post #3 of 10
Thread Starter 
Quote:
Originally Posted by H2OnSnow View Post
 


I am beginning to think that you have way too much time on your hands. Go ski or something.

 

What else would you like me to do for you while skirting my mundane duties between projects at the office? While I'd love nothing more than to have a ski slope built starting from the window of my office on the 34th floor of a tower in downtown Boston with which to immediately follow what I am sure is your well meaning advice, as for most people here, it really does require a day off and a 3+ hr drive to the mountains. The slight tone of thread censorship in your response, however, has escalated you to the very first and only listing of the just now created ski abuse watchlist and a distinction inhibiting the ease with which one may borrow a friend's skis. :)

post #4 of 10


My wife tells me I already have more skis than I need, so according to her I shouldn't need to borrow skis from anyone. So, I guess no damage done yet. Don't tell her, but I'm nowhere near having as many as I need.  :)

post #5 of 10

Very funny. (I've taken care of one real Munchausen patient--truly bizzare people).

post #6 of 10
LOL! Does this ever get misdiagnosed as JRA (Just Riding Along) or is that maybe a common symptom of SEMSP?

I was just riding along when both skis felt strange and I looked down only to notice they were both in a tree with torn out edges and bindings. And one of them was broken in half!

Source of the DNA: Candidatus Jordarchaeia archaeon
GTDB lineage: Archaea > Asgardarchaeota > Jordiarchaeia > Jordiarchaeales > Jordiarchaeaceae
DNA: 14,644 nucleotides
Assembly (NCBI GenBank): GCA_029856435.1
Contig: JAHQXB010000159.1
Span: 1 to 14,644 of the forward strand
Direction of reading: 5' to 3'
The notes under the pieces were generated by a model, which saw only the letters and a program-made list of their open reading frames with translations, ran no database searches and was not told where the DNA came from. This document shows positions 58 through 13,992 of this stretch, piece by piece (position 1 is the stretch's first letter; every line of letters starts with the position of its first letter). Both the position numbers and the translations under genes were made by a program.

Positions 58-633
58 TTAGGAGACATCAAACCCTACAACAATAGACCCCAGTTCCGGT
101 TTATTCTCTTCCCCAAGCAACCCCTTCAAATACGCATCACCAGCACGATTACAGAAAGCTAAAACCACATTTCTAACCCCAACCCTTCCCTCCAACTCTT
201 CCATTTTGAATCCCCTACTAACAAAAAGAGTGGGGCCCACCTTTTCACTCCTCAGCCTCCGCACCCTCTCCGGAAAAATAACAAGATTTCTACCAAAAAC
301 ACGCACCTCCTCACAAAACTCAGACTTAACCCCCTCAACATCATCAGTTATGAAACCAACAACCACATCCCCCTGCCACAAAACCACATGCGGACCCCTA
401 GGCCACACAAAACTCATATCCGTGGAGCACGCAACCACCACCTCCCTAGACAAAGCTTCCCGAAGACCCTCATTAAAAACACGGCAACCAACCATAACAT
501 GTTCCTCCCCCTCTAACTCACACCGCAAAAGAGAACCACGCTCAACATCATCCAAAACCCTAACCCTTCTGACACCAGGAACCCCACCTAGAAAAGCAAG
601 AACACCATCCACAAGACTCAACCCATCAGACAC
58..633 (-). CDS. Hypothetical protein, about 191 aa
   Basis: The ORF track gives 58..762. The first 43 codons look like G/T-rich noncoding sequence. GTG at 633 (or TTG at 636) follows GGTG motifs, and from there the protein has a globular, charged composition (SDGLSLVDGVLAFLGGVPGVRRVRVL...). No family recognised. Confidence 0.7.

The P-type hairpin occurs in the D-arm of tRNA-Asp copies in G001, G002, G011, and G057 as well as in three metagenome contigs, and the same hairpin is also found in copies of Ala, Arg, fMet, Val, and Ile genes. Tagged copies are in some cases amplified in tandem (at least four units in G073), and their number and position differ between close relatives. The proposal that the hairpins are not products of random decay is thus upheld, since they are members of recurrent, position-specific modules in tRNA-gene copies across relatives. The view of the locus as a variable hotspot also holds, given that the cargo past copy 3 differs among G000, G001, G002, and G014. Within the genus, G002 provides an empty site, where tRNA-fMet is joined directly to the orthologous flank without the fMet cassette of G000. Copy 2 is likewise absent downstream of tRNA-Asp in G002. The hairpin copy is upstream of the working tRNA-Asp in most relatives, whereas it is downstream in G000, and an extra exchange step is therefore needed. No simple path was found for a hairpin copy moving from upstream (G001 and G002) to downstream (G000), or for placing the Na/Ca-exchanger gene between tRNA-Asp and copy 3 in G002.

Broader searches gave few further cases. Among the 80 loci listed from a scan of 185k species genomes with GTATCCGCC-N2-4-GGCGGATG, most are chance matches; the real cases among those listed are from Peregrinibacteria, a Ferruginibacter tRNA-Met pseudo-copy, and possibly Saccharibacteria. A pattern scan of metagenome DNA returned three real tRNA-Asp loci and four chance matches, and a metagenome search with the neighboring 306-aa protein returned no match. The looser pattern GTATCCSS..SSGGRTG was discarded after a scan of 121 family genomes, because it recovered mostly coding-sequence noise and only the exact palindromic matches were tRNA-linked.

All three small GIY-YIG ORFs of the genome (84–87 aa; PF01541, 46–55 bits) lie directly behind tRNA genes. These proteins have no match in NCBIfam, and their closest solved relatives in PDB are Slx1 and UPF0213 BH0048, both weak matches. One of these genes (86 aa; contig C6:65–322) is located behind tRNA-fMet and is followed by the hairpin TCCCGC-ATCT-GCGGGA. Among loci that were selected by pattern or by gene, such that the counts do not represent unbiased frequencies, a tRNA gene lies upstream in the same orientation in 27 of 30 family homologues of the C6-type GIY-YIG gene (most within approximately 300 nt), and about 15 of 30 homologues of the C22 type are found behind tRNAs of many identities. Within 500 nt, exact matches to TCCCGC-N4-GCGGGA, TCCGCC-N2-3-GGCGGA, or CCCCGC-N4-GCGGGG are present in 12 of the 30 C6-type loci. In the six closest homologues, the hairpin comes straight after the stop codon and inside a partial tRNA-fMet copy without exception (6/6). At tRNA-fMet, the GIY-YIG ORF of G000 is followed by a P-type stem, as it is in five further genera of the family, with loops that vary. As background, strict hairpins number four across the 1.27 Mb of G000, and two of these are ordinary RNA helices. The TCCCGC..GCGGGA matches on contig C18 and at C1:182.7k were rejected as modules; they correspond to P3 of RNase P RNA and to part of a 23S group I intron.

post #7 of 10

There is another interesting ski related mental illness.

"You touched my skis now you must die"

YTMSNYMD

Like that Wintersteiger operator that set my sides at 88 by accident this year.

Medication is the only answer, there is no cure once you really learn to tune your own stuff.

post #8 of 10
Thread Starter 
Quote:
Originally Posted by dakine View Post
 

There is another interesting ski related mental illness.

"You touched my skis now you must die"

YTMSNYMD

Like that Wintersteiger operator that set my sides at 88 by accident this year.

Medication is the only answer, there is no cure once you really learn to tune your own stuff.

 Funny! Sometimes the symptoms parallel the effects of having a hot ski tuner which is these days, unfortunately, a very low probability.

post #9 of 10

SEMSP is when this happens to your kids' skis.

 

You have described simple SEMS.  Skis are an extension of you, not a proxy.

post #10 of 10
Thread Starter 
Quote:
Originally Posted by hirustler View Post
 

SEMSP is when this happens to your kids' skis.

 

You have described simple SEMS.  Skis are an extension of you, not a proxy.

 

Yes, the skis are not the proxy. I was writing from the perspective that I am the caretaker of my skis and therefore am its proxy. The analogous context is that skis are an extension of their owner as a daughter is an extension to her mother. This may also be in consideration that, at times, my skis have a mind of there own and therefore establish themselves as a separate identity. :)